Monday, November 8, 2010

Time Out for Book Club


Leave it to a group of teachers to find a trade fair. Welcome
to the International Book Fair, in Accra, Ghana.

This blog post deviates from my typical travel posts in order to accommodate my book club back home. We meet once a month at member’s homes and discuss the book-of-the-month – each book chosen by members of the club.

This month the book was Never Let Me Go, by Kazuo Shiguro. It was a little difficult to get into and I will admit to putting it down more than once, convinced I’d never be able to read it with all my trip preparations. I even thought I’d read it on the flight over to Ghana, but once again couldn’t concentrate.

Then one hot African afternoon, while all my teachers were busy in the classroom, I picked it up and found myself pulled into the story. Four days later I am finished, and wish I could be sitting in Barb’s living room discussing the intricacies of plot and character and theme.

I have been reminded of Lois Lowry’s books, The Giver and Gathering Blue. For me there is a resemblance to the Utopian worlds of Lowry’s books, within the story of Never Let Me Go. I loved the connection to music, art, and literature and the idea that our lives should lead somewhere….should have meaning.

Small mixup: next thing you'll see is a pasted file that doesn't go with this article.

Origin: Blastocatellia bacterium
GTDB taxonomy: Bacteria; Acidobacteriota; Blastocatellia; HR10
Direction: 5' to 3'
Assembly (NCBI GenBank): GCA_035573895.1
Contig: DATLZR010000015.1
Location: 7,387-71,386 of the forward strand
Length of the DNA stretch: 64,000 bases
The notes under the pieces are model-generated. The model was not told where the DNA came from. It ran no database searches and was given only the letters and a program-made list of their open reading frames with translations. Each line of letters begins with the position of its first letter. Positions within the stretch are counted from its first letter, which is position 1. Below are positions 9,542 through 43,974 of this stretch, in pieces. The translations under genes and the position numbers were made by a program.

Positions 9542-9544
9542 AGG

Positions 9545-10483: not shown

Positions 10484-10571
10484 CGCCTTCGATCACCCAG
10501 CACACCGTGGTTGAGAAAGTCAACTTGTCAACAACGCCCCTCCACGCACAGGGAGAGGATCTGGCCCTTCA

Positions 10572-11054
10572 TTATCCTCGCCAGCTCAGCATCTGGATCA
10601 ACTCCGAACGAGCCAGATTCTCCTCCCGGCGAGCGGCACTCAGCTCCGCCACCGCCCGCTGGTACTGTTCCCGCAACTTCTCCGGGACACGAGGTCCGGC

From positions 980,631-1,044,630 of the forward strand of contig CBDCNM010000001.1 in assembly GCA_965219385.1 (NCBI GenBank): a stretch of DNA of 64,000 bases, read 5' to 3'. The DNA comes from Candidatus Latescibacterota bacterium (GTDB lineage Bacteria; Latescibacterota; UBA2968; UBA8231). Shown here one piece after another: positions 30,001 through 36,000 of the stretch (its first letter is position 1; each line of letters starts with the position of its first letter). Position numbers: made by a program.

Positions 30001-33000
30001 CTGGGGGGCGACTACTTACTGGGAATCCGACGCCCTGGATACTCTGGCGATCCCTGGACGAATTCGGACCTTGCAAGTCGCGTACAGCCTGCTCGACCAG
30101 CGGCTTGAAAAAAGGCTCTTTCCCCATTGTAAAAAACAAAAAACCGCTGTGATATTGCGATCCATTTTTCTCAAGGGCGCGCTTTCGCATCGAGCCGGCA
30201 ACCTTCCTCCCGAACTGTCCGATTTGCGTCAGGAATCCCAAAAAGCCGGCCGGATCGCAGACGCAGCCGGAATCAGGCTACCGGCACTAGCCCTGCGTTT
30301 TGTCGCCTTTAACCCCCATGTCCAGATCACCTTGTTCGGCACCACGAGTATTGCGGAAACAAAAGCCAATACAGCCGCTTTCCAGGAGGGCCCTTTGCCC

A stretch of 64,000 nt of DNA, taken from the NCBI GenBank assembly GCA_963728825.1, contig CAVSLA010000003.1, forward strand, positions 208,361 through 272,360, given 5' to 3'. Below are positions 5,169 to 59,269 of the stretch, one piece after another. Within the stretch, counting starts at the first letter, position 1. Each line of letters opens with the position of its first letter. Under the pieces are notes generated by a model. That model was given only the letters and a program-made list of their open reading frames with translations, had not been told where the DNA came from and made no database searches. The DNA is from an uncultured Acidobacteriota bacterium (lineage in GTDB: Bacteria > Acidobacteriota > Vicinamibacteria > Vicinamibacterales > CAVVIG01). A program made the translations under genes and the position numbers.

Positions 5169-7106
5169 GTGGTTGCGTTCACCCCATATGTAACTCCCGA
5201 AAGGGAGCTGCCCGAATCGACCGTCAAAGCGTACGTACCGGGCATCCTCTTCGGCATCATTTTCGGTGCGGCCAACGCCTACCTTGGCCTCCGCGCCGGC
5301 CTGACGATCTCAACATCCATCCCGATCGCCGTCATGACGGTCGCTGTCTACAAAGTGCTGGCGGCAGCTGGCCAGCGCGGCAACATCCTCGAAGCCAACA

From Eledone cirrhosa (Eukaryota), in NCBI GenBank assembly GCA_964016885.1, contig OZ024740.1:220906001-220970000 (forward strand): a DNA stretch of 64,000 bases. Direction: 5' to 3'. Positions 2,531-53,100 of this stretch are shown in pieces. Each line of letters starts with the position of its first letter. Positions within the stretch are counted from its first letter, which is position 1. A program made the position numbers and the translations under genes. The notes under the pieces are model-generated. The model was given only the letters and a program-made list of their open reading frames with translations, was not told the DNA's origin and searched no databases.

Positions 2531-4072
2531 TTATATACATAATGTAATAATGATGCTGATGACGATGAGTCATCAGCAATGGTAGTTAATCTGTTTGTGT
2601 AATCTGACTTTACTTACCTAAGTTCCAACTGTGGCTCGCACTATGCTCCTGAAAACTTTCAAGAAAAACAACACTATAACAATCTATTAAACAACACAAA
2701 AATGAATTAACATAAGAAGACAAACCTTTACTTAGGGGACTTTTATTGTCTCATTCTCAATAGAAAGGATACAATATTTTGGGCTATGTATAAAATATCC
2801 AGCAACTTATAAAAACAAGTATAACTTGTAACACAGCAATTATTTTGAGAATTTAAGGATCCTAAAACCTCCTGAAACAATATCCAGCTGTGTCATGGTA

The primary setting: an idyllic boarding school in the English countryside.
The characters: children under the watchful eye of their teachers and guardians, 3 in particular
The plot: Coming of age in an environment rich with possibilities, though undercurrents of mystery might suggest a hidden purpose for the education of these young people.
Did I love the book? I was compelled to read it to the end and find out what happens. I had pretty much figured it out, but wanted verification. It also made me wonder, in this age of scientific possibility, if the bottom line of the story could really happen. Is the book science fiction? More than fantasy, yes.

Would I recommend this book? What would you think about using it in school? A quick read, but also a page-turner.
Now my reading buddies – what did you think? I’m anxious to hear from you on this one.

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